China and Asean signed a trade and security agreement that could be an ominous portent of fading American influence in Asia.
I posted earlier about how gutting funding for American diplomatic institutions has left a vacuum that Beijing is keen to fill, and how many Asian governments and businesspeople are responding to the Chinese initiative.
This agreement takes things to the next level. China is eager to convince Southeast Asia that its huge economy represents an opportunity, not a threat - which is true. But for the first time that I can think of, the commitment to trade with Asean created a structure with a security element, and without American involvement.Continue reading "Red dawn"
Apologies for linking to the Guardian for this article, but the US press seems to be pretty bad at covering it. USA Today has the lite version, but read Gary Younge's article for the full story of how the referendum to repeal segregationist language in the Alabama constitution has failed. Here's what the constitution says right now, and what it will continue to say, since a majority of voters wants to see it unchanged:
Separate schools shall be provided for white and coloured children, and no child of either race shall be permitted to attend a school of the other race.
Those who opposed change, including Roy "10 Commandments" Moore, claim that oh, no, they're not racist at all; they simply want to make sure that education is a privilege and not a right for Alabaman kids. Here's the logic: if you guarantee a state education in the state constitution, then trial lawyers might come along and hold you to that guarantee. And we all hate trial lawyers, right? Therefore, we should vote to retain the segregationist language.
Then again, as Younge points out,
A statute banning interracial marriage in the state was struck down only four years ago by 59% to 41%, with a majority of whites voting against the change.
I'm pretty sure that if I were a black Alabaman, I'd take this referendum result as yet another slap in the face. Although I would be interested in the opinion of New York-based Alabama exiles on the matter.
Adam Gopnik has not been on particularly good form of late. Last year he wrote a much-derided article about riding the bus in New York, which finally got its comeuppance in the New York Times today. In a first-person piece for the City section, Simi Linton, who rides the buses in a wheelchair, effortlessly takes Gopnik down a notch or five:
In an article in The New Yorker about riding the bus, the author groused about how a "guy in a wheelchair held things up for three minutes." He said that "law and propriety dictate" that buses pick up, as he called us, the "wheelchair-bound." While he allowed that the lift is a "civic mitzvah" - the city's good deed, I suppose he meant - he said that the municipal employee had been "reduced, or raised, to a valet."
I would be embarrassed if I felt the drivers saw their role as personal valet or good Samaritan. They are public employees acting in fulfillment of federal law. They provide a critical service, one that enhances the comfort and safety of all New Yorkers.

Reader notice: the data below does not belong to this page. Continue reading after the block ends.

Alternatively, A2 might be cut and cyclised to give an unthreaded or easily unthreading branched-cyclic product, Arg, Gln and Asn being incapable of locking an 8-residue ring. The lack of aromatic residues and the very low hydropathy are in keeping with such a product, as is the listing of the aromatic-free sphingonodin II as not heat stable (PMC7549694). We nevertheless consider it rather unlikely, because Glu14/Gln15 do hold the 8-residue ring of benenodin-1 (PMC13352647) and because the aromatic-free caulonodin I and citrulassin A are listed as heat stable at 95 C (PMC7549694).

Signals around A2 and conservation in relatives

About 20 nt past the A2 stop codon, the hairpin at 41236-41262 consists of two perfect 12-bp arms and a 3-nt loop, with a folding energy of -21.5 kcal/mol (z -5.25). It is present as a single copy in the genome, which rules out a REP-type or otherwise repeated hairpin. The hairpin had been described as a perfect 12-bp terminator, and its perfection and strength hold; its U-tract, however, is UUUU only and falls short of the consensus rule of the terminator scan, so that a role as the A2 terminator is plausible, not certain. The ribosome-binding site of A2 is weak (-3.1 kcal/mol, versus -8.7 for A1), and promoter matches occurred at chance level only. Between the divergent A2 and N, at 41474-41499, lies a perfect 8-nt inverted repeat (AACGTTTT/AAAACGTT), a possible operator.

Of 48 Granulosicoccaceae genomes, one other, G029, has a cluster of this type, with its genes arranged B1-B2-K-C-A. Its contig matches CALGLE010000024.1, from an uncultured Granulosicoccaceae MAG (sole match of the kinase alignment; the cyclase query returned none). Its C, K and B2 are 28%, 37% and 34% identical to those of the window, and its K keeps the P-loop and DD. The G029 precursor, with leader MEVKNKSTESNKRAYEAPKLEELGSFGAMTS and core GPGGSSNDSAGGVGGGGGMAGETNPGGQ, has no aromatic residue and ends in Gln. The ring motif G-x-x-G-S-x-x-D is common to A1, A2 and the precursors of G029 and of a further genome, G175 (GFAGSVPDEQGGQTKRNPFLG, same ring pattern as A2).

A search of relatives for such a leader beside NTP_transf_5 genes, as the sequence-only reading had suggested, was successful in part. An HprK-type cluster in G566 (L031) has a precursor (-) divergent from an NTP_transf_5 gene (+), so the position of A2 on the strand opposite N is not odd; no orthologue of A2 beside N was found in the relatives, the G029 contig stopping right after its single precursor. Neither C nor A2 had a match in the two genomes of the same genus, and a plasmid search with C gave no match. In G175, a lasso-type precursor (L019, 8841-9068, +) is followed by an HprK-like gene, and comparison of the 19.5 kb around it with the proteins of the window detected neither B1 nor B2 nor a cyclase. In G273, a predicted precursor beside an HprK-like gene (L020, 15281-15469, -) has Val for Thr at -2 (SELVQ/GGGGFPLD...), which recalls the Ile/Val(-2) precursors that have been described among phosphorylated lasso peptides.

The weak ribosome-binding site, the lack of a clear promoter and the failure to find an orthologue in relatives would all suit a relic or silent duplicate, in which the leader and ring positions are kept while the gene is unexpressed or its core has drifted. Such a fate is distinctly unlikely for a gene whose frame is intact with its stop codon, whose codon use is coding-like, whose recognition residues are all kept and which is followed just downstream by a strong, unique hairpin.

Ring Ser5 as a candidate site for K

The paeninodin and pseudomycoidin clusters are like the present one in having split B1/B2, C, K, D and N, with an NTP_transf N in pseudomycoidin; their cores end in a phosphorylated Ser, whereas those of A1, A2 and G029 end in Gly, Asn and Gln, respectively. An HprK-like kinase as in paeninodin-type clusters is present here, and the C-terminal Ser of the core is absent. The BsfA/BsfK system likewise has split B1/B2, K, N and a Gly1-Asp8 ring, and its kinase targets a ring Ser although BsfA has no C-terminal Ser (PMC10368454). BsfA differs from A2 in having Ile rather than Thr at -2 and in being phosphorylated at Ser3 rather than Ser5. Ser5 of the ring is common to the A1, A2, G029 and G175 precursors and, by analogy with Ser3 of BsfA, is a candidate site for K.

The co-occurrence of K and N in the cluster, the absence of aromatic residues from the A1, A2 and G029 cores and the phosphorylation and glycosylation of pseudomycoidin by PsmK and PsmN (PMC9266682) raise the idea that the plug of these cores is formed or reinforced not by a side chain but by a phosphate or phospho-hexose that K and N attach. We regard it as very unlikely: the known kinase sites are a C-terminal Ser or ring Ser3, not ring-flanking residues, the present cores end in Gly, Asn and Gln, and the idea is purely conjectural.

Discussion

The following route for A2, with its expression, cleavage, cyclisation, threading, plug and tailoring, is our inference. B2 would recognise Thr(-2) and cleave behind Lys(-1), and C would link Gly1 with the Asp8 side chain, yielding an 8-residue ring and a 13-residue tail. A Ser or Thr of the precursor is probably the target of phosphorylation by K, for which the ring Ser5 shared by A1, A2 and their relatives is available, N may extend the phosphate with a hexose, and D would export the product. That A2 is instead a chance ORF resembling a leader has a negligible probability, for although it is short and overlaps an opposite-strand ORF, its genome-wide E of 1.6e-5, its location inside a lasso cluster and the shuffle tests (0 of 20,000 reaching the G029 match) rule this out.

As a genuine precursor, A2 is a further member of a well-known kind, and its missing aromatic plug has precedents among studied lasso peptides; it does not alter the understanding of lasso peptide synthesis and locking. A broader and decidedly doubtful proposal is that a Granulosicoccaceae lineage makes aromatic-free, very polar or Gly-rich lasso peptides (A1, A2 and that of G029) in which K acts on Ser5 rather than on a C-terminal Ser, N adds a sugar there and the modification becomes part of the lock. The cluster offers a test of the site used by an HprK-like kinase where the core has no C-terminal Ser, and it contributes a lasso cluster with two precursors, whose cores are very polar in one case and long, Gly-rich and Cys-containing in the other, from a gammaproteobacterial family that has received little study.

In fact, it's been a long while since Adam Gopnik really enjoyed much buzz. He was The New Yorker's art-world wunderkind in the 1980s, and then moved on to pave the way for David Sedaris when he filed piece after piece on the idiosyncracies of his own overpaid middle-class French ex-pat life. Not many people thanked him, although his writing could be wonderful. Since his return to New York, however, I don't think he's written a single really worthwhile article.
The career trajectory of Gopnik's erstwhile editor, David Kuhn, has been similar. Long Tina Brown's right hand man, he was "v hot" at Vanity Fair and "v hot" at The New Yorker before becoming not hot at Talk and positively icy at Brill's Content.
All the same, these two men surely know buzz when they see it. Right now one
of the most buzzworthy magazines in New York is Topic,
the refreshing young magazine I lauded
back in 2003 and which has only got better since. If you want to see the torch
being passed on, the old guard honoring the new, then get yourself over to the
Accompanied Library at the National Arts Club to
morrow night. Topic magazine
is holding what it calls "an
intimate night of literature (and booze)", hosted by Kuhn and featuring
Gopnik. More importantly, however, your $30 ticket
will also get you (a) into a lovely space well worth knowing about; (b) drunk;
(c) well fed by Cook's Venture; and (d) a subscription to the magazine (worth
$30 just on its own) which, if you don't want it for yourself, you can always
give away as a Christmas present. What's not to like?
Remember – buy your tickets online now, since they won't be sold on the door. It really is a good cause.
Re the Ukraine: I think it's important to differentiate what we're cheering for. I'm unequivocally in favor of there being a new vote, as it's beyond debate that there were widescale irregularities. But that's different from wanting to see one side win. I'd prefer a Yushchenko win, but that's subordinate a wish to seeing the people's will reflected in the popular vote.
It makes sense, if you are Ukrainian and a Yushchenko supporter, to go stand in the cold and drape yourself in orange — motive doesn't matter in righting a wrong. But it should also be possible for Yanukovich supporters to decide a re-election would be best, without this being interpreted by others as a switch of allegiance to Yushchenko.